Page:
To their surprise, the Bohemians retreated at their advance, Tilly quickly sent in reinforcements, and the Bohemian flank began to crumble. Anhalt tried to retrieve the situation by sending infantry and cavalry led by his son Christian II. The cavalry charged into the Imperial infantry, causing significant casualties, the Bohemian infantry, who were only now approaching the Imperial army, saw the cavalry retreating, at which they fired one volley at extreme range before retreating themselves. A small group of Imperial cavalry began circling the Protestant forces, with the Bohemian army already demoralized, company after company began retreating, most without having actually entered the battle. The Battle of White Mountain was more a skirmish than a full-fledged battle, the Bohemian army was no match for the Emperor Ferdinands troops
Holy Roman Empire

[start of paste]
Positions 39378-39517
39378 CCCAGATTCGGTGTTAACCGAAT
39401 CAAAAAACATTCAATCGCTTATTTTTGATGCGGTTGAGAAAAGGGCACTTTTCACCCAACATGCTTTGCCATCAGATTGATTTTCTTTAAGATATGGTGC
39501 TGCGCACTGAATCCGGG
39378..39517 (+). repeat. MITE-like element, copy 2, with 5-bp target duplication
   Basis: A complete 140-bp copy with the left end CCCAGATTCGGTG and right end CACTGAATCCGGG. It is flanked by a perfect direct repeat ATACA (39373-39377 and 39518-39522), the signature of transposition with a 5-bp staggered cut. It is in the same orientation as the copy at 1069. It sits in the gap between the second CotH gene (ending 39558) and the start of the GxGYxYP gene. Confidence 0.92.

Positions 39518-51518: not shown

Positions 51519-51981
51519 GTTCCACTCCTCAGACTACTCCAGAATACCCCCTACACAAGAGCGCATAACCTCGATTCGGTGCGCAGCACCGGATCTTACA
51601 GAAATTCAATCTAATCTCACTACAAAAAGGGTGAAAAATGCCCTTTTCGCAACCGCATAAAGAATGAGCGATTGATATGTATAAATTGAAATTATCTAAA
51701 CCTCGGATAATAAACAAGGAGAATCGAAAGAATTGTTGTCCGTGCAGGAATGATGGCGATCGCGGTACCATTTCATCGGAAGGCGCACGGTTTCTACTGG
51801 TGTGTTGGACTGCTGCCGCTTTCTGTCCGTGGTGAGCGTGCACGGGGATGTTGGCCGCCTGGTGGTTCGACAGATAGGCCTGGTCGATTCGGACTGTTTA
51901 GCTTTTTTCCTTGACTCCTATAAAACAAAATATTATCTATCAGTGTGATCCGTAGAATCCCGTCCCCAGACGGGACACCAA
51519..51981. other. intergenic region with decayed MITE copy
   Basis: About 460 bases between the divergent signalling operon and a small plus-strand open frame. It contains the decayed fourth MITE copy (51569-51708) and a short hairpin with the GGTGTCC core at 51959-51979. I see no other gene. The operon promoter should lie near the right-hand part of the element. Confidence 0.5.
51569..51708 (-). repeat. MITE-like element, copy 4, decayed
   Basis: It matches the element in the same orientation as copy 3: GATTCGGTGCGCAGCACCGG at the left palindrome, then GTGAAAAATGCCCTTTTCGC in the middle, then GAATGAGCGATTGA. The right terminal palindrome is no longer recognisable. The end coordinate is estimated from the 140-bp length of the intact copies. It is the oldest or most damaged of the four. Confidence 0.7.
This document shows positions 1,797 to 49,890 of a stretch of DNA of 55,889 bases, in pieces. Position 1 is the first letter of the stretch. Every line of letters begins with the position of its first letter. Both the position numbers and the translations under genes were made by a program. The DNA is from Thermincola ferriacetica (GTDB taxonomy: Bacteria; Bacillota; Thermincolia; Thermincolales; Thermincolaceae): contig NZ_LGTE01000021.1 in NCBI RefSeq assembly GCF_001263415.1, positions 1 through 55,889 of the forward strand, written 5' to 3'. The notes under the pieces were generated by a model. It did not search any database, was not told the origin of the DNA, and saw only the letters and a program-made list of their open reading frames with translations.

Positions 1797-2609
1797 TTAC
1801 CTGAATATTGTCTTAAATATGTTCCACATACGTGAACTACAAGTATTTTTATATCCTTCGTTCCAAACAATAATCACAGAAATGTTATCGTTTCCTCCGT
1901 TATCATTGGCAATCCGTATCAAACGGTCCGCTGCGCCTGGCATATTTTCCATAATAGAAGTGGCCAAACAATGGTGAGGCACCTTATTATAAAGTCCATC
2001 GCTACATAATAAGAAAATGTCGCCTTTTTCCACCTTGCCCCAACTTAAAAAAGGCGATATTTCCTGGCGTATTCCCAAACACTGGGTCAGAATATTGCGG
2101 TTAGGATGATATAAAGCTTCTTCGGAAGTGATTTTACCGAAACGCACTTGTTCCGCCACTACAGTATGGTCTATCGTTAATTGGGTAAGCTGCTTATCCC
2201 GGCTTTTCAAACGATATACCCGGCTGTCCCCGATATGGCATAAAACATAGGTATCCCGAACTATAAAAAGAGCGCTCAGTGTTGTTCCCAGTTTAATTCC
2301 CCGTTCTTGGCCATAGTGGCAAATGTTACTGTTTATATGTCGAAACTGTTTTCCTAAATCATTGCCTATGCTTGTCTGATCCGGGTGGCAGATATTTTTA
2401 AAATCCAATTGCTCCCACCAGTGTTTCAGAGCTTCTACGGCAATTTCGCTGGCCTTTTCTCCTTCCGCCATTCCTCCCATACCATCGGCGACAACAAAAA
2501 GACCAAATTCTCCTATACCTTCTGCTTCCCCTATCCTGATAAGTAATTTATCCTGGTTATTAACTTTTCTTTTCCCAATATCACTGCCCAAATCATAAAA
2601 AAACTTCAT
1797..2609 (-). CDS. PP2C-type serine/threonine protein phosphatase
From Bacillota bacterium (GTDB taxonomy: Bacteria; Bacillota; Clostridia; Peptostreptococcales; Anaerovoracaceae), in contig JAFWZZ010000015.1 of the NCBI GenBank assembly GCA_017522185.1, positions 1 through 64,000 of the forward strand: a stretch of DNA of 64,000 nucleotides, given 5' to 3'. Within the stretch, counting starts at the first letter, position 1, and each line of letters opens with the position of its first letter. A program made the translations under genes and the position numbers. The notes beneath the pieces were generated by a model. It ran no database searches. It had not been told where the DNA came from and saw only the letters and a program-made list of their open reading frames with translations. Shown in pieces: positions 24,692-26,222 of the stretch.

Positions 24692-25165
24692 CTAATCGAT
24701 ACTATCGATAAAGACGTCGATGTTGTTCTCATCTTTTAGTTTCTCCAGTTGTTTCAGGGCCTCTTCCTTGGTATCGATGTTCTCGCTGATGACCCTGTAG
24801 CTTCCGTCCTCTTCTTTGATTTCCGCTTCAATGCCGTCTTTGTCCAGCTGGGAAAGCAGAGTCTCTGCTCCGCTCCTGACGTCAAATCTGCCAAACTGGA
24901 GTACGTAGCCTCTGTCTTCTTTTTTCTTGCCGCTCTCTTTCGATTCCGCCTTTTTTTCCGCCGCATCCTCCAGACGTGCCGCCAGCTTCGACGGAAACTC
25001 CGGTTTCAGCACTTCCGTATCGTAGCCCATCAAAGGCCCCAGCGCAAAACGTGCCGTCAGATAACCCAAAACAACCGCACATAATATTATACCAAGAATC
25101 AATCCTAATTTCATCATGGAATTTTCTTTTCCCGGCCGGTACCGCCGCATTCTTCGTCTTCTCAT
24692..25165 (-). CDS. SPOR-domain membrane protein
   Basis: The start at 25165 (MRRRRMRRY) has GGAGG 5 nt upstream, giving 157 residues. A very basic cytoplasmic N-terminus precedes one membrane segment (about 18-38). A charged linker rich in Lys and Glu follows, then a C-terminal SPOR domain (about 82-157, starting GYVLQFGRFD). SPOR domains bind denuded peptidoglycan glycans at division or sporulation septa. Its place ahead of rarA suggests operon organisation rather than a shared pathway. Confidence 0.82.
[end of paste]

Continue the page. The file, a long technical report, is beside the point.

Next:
The Holy Roman Empire was a multi-ethnic complex of territories in central Europe that developed during the Early Middle Ages and continued until its dissolution in 1806. On 25 December 800, Pope Leo III crowned the Frankish king Charlemagne as Emperor, reviving the title in Western Europe, more than three centuries after the fall of the Western Roman Empire. The title was revived in 962 when Otto I was crowned emperor, fashioning himself as the successor of Charlemagne, some historians refer to the coronation of Charlemagne as the origin of the empire, while others prefer the coronation of Otto I as its beginning. Scholars generally concur, however, in relating an evolution of the institutions and principles constituting the empire, the office of Holy Roman Emperor was traditionally elective, although frequently controlled by dynasties. Emperor Francis II dissolved the empire on 6 August 1806, after the creation of the Confederation of the Rhine by Napoleon, before 1157, the realm was merely referred to as the Roman Empire.